Honors student called demon by classmate vows to end disorder stigma

YORKTOWN, Va. -- A Yorktown honors student with epilepsy is vowing to end the stigma still associated with the disorder that has left her with unpredictable seizures since she was in the first grade.

Jamie Van Cleave has already helped train hundreds of educators about treating students who experience seizures in school. Jamie has even traveled to Capitol Hill lobbying for more funding and awareness.

Well before the first school bell of the year,  Van Cleave will ready for 10th grade.

"I was stuck in the house a lot I didn’t really hang out with friends this summer until recently,” Van Cleave said. “My favorite subject is actually math.”

The 15-year-old honor roll student at York High School enjoys homework in August, but this workload isn't her biggest challenge.

"I had no clue what it was at first,” Van Cleave said. "It is very scary because I will be there for one second and then not remember anything and I will just be gone."

Van Cleave's neurological disorder, which causes seizures that can strike anytime, strikes one in 26 Americans.

Van Cleave's mother, Christie, said the diagnosis affects their entire family.

"The last few years have been pretty unpredictable,” Christie Van Cleave said. "That is really the scary part of it, at least at this point in life, is we don’t ever want it to continue where she doesn’t come out of it."

Classmate: 'You are demon possessed'

Van Cleave said her classmates had no idea about her diagnosis, but when her friends did learn about it, some of them were cruel.

"At the end of eighth grade we were sitting at the table and she randomly said, 'You are demon possessed because you have epilepsy,'” Van Cleave remembered.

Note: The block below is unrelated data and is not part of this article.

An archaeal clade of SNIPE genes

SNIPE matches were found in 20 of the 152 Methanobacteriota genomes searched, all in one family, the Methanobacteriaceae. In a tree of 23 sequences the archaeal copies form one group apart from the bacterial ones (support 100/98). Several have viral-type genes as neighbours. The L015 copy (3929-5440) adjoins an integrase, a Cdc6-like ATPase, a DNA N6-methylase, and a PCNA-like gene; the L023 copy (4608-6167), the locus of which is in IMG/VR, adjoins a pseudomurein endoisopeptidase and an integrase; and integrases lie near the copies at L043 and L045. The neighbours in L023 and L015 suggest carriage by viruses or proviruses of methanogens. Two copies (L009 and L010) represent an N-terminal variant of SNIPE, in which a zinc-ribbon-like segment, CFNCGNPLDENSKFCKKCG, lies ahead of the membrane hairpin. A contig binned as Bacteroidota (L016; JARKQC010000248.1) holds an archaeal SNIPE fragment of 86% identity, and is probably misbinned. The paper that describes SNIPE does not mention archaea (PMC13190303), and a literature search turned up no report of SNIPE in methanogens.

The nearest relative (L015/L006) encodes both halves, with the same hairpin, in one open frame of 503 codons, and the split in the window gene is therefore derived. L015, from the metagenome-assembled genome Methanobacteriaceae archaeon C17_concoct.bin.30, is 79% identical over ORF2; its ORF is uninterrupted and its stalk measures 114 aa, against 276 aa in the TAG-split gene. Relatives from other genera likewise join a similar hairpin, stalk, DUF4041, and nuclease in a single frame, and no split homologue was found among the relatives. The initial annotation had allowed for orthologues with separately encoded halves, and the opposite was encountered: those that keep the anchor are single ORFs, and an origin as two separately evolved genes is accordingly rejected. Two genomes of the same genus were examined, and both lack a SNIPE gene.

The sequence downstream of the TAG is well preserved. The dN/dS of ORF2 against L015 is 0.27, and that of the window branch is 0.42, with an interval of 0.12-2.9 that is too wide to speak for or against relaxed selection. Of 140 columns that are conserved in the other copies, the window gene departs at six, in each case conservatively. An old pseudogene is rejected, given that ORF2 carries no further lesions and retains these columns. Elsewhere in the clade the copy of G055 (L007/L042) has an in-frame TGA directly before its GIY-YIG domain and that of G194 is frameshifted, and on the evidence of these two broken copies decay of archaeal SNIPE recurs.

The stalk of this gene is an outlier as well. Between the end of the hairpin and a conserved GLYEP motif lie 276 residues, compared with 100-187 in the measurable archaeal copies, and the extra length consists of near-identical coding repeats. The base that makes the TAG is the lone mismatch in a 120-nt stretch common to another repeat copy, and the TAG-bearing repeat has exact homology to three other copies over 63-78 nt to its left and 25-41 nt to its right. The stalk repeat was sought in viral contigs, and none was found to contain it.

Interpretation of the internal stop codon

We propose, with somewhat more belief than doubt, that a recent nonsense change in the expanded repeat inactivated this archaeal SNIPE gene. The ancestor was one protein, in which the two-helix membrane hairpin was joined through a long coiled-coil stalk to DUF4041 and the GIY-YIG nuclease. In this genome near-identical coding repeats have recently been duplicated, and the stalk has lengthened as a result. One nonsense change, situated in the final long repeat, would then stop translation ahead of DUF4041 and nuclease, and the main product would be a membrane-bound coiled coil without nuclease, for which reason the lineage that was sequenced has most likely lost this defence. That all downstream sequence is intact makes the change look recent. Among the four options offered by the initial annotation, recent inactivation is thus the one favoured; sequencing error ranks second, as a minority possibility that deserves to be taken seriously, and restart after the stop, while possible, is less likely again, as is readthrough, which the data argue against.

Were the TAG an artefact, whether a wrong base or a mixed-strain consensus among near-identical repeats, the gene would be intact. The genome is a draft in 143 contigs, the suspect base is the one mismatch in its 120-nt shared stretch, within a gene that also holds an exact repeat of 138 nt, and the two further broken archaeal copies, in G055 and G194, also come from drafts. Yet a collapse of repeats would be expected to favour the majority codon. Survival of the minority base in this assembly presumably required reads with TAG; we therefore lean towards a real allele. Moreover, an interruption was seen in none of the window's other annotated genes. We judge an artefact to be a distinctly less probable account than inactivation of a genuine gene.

After bouts of depression and tears, Van Cleave took a stand against.

"There is a lot of judgment that comes with it and I want to get rid of that," she said.

Through the Epilepsy Foundation’s Teens Speak Up, Van Cleave has been advocating for awareness, first aid training in schools and more funding.

In fact, Van Cleave visited lawmakers in Washington lobbying for change in April.

“Once she turned that corner there was no stopping her,” her mother said.

Horseback riding brings 'calmness' 

Van Cleave is flipping the script on epilepsy.

“We are not demon possessed. We are just like everyone else," she said. "We just have this one difficulty that we have to deal with.”

Van Cleave's parents support her active lifestyle and the teen finds independence at Freedom Farm.

Horseback riding is her medicine and a form of therapy.

“I started riding when I was six and a half,” Van Cleave said. “There is definitely a calmness.”

Despite the unpredictability of seizures, Van Cleave has never had one in her nine years of riding horses.

“I guess you could describe it as floating on clouds or cloud nine, I guess,” Van Cleave said.

The teen is vowing to step out of the shadows while reining in her epilepsy.

“Instead of looking at it in a bad way like, 'Oh my gosh, my life is terrible because of this,'” Van Cleave said. “I’m trying to make it so I can help other people, and myself at the same time, by just accepting."

Van Cleave will share her story at the Tour de Midnight bike ride at Midnight Brewery in Rockville on Saturday, Oct. 12.  Click here for more information about the event, which benefits the Epilepsy Foundation of Virginia. 

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Watch CBS 6 News at 6 p.m. Thursdays for Greg McQuade's "Heroes Among Us" reports. If you know of someone CBS 6 should feature, email heroes@wtvr.com

Watch CBS 6 News at 6 p.m. Thursdays for Greg McQuade's "Heroes Among Us" reports. If you know of someone CBS 6 should feature, email heroes@wtvr.com

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